This week’s guest post is from Emily Wierenga. Emily is a wife, mother, artist and the author of Chasing Silhouettes: How to help a Loved One Battling an Eating Disorder and Mom in the Mirror: Body Image, Beauty and Life After Pregnancy (Mother’s Day 2013). For more info, please visit emilywierenga.com.
Maybe it was because, at the time, I had four boys ages four and under (two of them being foster sons). Maybe it was because I’d just taken them swimming, and then doled them out dinosaur snacks and sippy cups and turned on their favorite CD and no one needed naptime more than Mama.
With me in the driver’s seat, I turned towards home, and five minutes down the road, pulled out my bag of carrot sticks. “I want carrot sticks!” the eldest called from the backseat, and I snapped.
“No!” I cried, boring holes through the rearview mirror as though he’d asked for my kidney.
And then I realized what I’d said and broke out into a desperate kind of laugh, the exhausted kind that scares your kids more than any amount of yelling and you know this because they’re sitting perfectly still. “Okay, Mama,” they whisper. “We’re sorry. We’ll eat our candy.”
It was right up there with the night I denied them more broccoli because I wanted them to eat their rice and chicken—but really? Denying kids broccoli, because you want them to finish their plate? And I thought about buying myself a cape for getting my kids so hooked on vegetables but decided that was a little pretentious, so settled for a plaque instead.
Sigh. No. I actually curled into a little ball on the couch like I do every night and prayed to God to guide me in mothering these impressionable little people because I have no idea what the heck I’m doing. The moment I think I’m getting it right, they go and pee on the neighbor’s lawn and there’s not enough coffee in the world. No, there’s only prayer.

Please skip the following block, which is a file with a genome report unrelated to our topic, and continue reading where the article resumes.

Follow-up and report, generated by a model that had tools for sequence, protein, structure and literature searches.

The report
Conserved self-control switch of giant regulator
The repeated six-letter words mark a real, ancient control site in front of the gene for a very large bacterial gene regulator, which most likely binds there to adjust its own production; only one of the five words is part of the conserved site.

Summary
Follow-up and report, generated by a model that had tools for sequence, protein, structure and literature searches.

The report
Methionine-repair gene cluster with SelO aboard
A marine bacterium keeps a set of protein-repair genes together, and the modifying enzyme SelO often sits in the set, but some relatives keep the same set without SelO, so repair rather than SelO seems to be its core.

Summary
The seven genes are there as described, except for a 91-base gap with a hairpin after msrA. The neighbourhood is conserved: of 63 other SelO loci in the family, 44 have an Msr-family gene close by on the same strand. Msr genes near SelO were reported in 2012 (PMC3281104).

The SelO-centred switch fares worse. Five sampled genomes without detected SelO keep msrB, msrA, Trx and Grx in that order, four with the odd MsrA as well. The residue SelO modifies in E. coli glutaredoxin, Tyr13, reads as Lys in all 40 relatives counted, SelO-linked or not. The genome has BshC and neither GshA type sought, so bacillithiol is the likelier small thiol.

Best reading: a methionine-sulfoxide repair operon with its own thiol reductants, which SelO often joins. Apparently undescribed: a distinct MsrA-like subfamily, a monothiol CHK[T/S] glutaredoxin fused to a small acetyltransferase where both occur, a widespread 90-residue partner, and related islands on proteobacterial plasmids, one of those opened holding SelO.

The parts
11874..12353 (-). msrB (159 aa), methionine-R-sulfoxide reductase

I’m a praying woman. But I’m also, deep down, a pretty humble woman because I know I’m a mess. I know the only redeeming quality about me is that I have a calling to be a mom and that God will gift me with the wisdom and insight necessary to know how to feed, clothe, inspire, and discipline these little ones 24 hours a day, seven days a week.
I’ve written a book about the lessons I’ve learned as a mom, mostly, that we need to get right with ourselves and love the heck out of ourselves before we can begin to love our children. We need to laugh insanely at our mistakes and forgive ourselves seventy times seven and exemplify self-grace so our children can rise up courageous, not crippled. And once we do this we’ll realize:
Giving birth produces life in more than one sense. It’s the baby powder, milky-breathed spirit found in the softest limbs you’ve ever felt, and it’s the respect a man feels for his wife as he watches her give up her body for another.
And it’s the deep-rooted soul satisfying feeling of knowing you were born for more than the mirror. That you were born to see the face of God in your child, and to know, you yourself are a miracle. (excerpt from Mom in the Mirror)
Do you kids eat lots of candy?
Did your own parents have rules for the consumption of sweets?